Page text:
Increased scrutiny and other changes to the succession planning landscape have altered the way that wealth, assets and control pass from one generation to the next
Trusts are still an effective tool that can be used to smooth family succession plans, despite their decline in popularity.
Speaking during a panel discussion entitled ‘On Firm Foundations: How to future-proof your Succession Planning in 2022’, Przemyslaw Koger of Alter Domus said: ‘Trusts, in general, are losing popularity…. It’s a bit of a shame, because actually trusts are a good vehicle as long as they’re done properly.’
‘I see a lot of regulatory scrutiny these days,’ said Koger. ‘Fines are getting higher, the inspections are getting higher…. There is more and more scrutiny.’
Kroger said he remembered a time ‘when you could run an offshore structure… in a very tax efficient way’. However, he added: ‘These days are gone.’
Koger’s comments were part of a session staged in association with Finance Malta that brought together leading providers of family office services and leading specialists in succession planning, including BDO’s Catherine Grum, family office expert Rupert Phelps and Wedlake Bell’s Matthew Braithwaite.
Phelps said that if HNWs were to use trust structures, these should be structured in an ‘integrated and strategic way.’
He agreed with Koger on the principle that ‘tax efficiency has either gone, or has largely gone.’
‘Perceptions of trusts in different jurisdictions – I think it’s been evolving a lot,’ he told the audience. ‘The danger is if their own advisers… don’t themselves think more broadly, more strategically.’
The panellists also considered a range of issues around succession planning – and seemed to agree that next-generation members of family businesses had a greater sense of the ‘interconnected nature’ of the planet and issues around ESG.
Grum noted that succession planning often works well if it evolves as a gradual process. ‘I get quite involved with families running workshops, where the parents may have an idea about how they might…have an opportunity to have a more broad discussion with the family,’ she said. ‘People are often concerned about doing that, because they don’t want to hand over control entirely to the children. But you can still have a two-way communication process … If you don’t involve [the next generation] from the outset, you won’t necessarily know what their needs are’.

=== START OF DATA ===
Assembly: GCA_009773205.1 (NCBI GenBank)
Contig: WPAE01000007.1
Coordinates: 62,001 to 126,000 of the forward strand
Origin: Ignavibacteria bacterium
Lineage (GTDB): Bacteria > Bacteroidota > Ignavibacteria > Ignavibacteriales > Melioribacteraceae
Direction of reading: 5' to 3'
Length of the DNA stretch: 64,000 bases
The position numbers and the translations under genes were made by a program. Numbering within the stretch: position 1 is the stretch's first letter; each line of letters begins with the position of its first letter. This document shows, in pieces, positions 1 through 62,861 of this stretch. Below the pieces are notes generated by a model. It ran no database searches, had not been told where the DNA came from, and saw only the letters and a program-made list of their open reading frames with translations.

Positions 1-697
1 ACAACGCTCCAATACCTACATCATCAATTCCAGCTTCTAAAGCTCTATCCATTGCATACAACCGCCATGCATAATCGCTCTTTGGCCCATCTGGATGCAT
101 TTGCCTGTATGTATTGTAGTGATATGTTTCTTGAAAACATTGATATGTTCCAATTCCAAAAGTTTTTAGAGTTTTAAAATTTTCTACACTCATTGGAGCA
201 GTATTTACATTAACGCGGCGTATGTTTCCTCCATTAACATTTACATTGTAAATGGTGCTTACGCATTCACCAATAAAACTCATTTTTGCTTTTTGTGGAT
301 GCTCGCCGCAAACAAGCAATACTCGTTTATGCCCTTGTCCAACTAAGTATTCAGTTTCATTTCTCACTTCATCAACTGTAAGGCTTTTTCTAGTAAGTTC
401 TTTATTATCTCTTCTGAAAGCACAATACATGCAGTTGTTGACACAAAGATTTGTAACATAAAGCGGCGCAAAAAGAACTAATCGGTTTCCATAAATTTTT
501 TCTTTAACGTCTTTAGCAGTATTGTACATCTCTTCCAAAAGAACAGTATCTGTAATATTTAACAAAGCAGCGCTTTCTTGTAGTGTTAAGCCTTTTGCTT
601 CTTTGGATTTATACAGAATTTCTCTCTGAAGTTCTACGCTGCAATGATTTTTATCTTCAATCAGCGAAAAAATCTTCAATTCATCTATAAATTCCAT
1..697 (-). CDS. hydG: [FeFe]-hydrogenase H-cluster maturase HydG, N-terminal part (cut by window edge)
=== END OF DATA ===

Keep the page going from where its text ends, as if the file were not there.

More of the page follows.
When families look towards the future, Grum said that people need to think about ‘how much wealth they actually need,’ and cautioned that parents and children will clash if they hold different value systems.
Phelps said that ‘where succession planning goes wrong, there’s damage to all the family capital’. He gave the example of a family involved in a costly financial dispute, where there is financial damage but family members are also at loggerheads.’The damage is that now [they] hate each other, and don’t want to spend Christmas together’ he cautioned.
Braithwaite, meanwhile, told the audience to ‘never assume your client wants a particular solution … they might be more concerned about making sure the wealth is passed on in the most appropriate way.’
‘Never assume the recipient is willing and wanting to receive the wealth. Increasingly, I think the next generation, or generations, are challenging the origins of wealth,’ he added. ‘Challenging some of those perceptions and never assuming is part of an adviser’s role.’
Grum said wealthy families should refrain from viewing succession planning as a singular event. Rather, she said, it’s a powerful tactic to bring succession planning out of the will conversation. Families can do this by getting them to ‘visualise, and imagine in 10 to 20 years time and think about how would things play out if they did nothing.’
Meanwhile, Koger told the audience that in a ‘dynamic world’, he was advising clients to be ‘open minded to take advantage of new opportunities and new market trends,’ including crypto assets and ESG.
Watch the full interview with Przemyslaw Koger: